Friday, September 22, 2006

Unintended Timer Usage

I live in south San Jose and work on the far side of the airport, so I end up going through downtown quite a bit since, for speed of travel, it is often an attractive alternative to highway 87.

I have noticed over the last year that the city has installed new Walk/Dont Walk signs at the intersections. These new signs have a count down timer so that pedestrians know how much time they have before the light is going to change. Presumably the idea is that, if there isn't enough time to get across the street, pedestrians will stop and not try to cross the street.

As far as I can tell, the average pedestrian in downtown believes that 2-3 seconds is more than enough time to stroll across five lanes of traffic and won't hesitate to step out into the street. So much for progress. (And don't give me that "pedestrians have the right of way" crap. Unless you are holding a white cane, you have to obey the traffic signal.)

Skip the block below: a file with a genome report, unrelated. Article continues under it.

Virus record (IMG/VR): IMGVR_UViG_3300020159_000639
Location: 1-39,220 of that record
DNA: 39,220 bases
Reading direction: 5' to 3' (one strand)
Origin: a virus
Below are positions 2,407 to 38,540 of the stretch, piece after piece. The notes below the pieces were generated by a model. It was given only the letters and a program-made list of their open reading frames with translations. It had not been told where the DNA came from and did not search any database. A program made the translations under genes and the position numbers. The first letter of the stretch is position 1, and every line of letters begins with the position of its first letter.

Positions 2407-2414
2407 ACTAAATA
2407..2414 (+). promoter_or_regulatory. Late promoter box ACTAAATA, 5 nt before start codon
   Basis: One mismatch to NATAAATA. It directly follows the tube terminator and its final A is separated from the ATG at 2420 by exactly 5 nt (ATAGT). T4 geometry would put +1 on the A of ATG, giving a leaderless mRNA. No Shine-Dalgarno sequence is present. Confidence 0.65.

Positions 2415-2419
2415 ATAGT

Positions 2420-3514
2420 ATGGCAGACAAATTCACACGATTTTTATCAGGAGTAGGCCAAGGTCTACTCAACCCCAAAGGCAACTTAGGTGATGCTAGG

The timers are useful for drivers however. As soon as the timer hits zero, the light turns yellow. And, since the numbers are nice and big, you can see them from a block away easily. Well, *I* can see them from a block away.

So what we have downtown is a nice indicator for drivers on how hard they should push it to try to get through a given intersection. You know exactly how long until that yellow light is going show. If you are half a block away with three cars in front of you and the time is down to 3 seconds, you know you might as well ease off the gas and relax; you're not going anywhere. On the other hand, if you see double digits and the way is clear, you know you are going to get through.

So the city improved the flow of traffic downtown, just not in the way they intended I'd bet.

No comments:

Post a Comment